I went to Paris with the specific purpose of buying new bras. After eight years in this country, two children, two jobs, one Gallic husband and countless encounters with French women of all ages, sizes and shapes, I have come respect the importance of lingerie. It is not something reserved for the rich or the beautiful or young. It is available and expected of all women—an easy source of dignity in an unforgiving world. French women seem more relaxed knowing that if their clothes suddenly fell off in the Place de la Concorde, they would still look good, or at least chic.
The most cited statistic on French underwear (obsessions with France being what they are, there are in fact many statistics on this) French women spend 17 percent of their clothing budget on lingerie. That’s roughly $400 per year on bra’s, underwear, socks and stockings. While I am normally skeptical about these sorts of data, nothing about this figure strikes me as inaccurate. Both in Paris and the countryside, where I now live, lingerie shops are bursting with women. In January and July when the big sales take place, the underwear bin at Bon Marché becomes a dangerous place to be. Reach your hand over that 60-year-old widow for that half-priced La Perla thong, and you might lose it.
Yet, I confess that when I came to France I found the emphasis on underthings confusing. No one really sees your underwear except your husband and he, to my mind, would be wise not to complain. There are the moral questions. Is it defensible to spend 80 euros on a bra and half that on a pair of underwear? Isn’t hand-washing lacy garments a colossal waste of time?
“I have cashmere sweaters that cost less than that bra,” I told my friend Katy who once dragged me to a fancy lingerie shop in the West Village.
“Nobody cares about your cashmere sweater if your boobs are sagging,” she responded briskly. “Your bra is the most important clothing you own.”
The sentiment is grim but over time I have come to recognize it as true. Perhaps, lingerie is immoral and expensive and somehow indicative of louche French laziness, but it is also practical. Good lingerie holds things up and keeps everything in. Thus once every two years, I suck it up, ignore my bank balance and buy new lingerie.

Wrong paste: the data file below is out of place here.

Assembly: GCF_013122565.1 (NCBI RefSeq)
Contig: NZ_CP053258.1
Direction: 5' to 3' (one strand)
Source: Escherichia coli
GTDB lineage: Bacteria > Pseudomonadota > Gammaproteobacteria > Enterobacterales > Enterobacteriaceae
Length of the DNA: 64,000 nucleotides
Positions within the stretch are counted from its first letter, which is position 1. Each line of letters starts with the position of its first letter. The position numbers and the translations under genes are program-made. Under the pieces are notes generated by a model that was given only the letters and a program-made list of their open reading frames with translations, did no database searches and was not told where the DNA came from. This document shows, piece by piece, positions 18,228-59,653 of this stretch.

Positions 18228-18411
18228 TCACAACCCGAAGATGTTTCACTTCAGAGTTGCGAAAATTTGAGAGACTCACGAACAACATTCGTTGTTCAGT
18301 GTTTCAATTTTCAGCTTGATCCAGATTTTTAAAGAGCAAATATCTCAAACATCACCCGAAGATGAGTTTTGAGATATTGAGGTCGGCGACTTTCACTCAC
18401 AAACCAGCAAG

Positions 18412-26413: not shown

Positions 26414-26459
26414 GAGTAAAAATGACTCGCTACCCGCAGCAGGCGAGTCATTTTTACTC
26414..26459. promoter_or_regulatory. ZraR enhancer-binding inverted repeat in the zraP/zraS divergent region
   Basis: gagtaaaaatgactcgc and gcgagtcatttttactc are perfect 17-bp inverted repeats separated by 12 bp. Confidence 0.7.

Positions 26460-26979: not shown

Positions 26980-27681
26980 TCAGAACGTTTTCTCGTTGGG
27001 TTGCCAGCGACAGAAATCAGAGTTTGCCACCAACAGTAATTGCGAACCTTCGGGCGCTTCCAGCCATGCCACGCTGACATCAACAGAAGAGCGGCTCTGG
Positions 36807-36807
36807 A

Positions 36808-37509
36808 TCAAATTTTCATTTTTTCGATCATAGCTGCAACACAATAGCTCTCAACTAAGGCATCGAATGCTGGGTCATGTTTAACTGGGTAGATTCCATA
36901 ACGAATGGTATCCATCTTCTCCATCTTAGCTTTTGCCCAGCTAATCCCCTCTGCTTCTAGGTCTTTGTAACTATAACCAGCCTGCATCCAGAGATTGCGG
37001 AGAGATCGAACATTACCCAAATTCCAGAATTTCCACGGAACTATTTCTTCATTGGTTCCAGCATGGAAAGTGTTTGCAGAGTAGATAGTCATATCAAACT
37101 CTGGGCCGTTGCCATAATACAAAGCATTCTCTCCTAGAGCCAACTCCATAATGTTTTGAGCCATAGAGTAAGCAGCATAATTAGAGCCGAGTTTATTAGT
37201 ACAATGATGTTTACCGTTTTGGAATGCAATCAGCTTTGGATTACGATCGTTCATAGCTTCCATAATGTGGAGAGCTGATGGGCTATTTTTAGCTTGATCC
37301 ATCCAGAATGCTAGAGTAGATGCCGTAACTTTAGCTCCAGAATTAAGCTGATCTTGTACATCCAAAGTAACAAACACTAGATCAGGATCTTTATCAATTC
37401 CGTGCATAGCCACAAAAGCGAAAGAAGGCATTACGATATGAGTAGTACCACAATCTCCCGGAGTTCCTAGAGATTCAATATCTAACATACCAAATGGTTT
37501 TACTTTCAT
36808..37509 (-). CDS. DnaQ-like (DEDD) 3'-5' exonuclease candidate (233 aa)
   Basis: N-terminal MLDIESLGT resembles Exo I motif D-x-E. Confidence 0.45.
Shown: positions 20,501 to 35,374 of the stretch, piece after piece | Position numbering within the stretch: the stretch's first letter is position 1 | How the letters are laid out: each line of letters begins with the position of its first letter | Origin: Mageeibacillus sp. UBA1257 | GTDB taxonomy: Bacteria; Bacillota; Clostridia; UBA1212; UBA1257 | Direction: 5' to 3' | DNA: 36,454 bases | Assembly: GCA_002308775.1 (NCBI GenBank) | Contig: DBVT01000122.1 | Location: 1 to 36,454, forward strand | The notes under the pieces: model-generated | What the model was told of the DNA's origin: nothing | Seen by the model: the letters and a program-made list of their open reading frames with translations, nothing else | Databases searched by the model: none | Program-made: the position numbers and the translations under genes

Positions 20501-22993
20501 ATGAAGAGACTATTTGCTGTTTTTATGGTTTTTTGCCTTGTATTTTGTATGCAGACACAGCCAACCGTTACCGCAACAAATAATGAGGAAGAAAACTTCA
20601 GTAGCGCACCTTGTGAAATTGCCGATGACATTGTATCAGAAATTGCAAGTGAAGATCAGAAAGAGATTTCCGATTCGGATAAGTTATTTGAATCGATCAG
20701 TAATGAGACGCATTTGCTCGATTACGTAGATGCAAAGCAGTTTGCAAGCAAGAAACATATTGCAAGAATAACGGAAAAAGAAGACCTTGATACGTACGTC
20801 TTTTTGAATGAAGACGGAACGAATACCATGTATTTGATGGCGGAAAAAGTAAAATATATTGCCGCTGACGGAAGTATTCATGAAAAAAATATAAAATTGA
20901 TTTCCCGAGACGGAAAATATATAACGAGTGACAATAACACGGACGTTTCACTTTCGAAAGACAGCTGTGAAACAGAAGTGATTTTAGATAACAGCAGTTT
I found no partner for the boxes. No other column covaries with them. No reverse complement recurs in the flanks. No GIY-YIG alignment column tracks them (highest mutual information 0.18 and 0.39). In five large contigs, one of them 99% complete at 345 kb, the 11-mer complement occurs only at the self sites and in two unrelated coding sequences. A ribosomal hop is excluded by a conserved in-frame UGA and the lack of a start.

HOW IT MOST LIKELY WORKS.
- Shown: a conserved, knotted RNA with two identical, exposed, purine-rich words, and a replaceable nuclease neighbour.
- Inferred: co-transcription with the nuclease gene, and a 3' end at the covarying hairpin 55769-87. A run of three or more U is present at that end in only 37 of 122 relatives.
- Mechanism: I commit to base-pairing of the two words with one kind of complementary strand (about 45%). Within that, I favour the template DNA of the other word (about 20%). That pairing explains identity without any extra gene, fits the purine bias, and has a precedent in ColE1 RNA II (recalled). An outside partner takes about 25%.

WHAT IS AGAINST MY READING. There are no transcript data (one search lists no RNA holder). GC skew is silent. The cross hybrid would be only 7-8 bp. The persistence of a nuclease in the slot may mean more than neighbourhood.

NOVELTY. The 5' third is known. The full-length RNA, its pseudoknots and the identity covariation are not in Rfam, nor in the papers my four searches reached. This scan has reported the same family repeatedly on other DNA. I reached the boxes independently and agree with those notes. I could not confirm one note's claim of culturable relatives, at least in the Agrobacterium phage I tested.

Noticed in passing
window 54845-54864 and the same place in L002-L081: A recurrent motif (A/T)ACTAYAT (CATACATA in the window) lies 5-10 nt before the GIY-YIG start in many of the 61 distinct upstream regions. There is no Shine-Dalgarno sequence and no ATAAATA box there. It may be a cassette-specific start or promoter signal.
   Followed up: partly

Good lingerie shops in France have bra ladies whose entire raison d’etre is to tell you that the bra you have been wearing is too big, poorly formed or worn out. They are there to shame you, and then fix it. I imagine it’s like going to see a sought-after yenta. So you think you’re ready for this commitment? You’re serious I hope. I might have someone for you. Maybe it will work. But you have to be serious. Naturally, this type of maternal scolding translates into a deeply pleasurable shopping experience.
“I am looking for new bras,” I say to the lady at Printemps who looks at me through narrow, appraising eyes. “One black and one white. Not too lacy. Lots of support. Double clasp.”
She nods, approvingly. I seem serious.
“You are a 90C,” she says wrapping her hands around my rib cage. “I am sure.” Then she goes through the shop and picks up six bras, looping them over her arm. “Come,” she says, opening the dressing room curtain. “Try.”
I stand there a moment, dreading the next part. I take off my shirt and my bra but before I can get on the new one, she opens the curtain and walks in. “How is it?” she asks, bucking the back of the bra and lifting the lace on the front. I know better than to answer.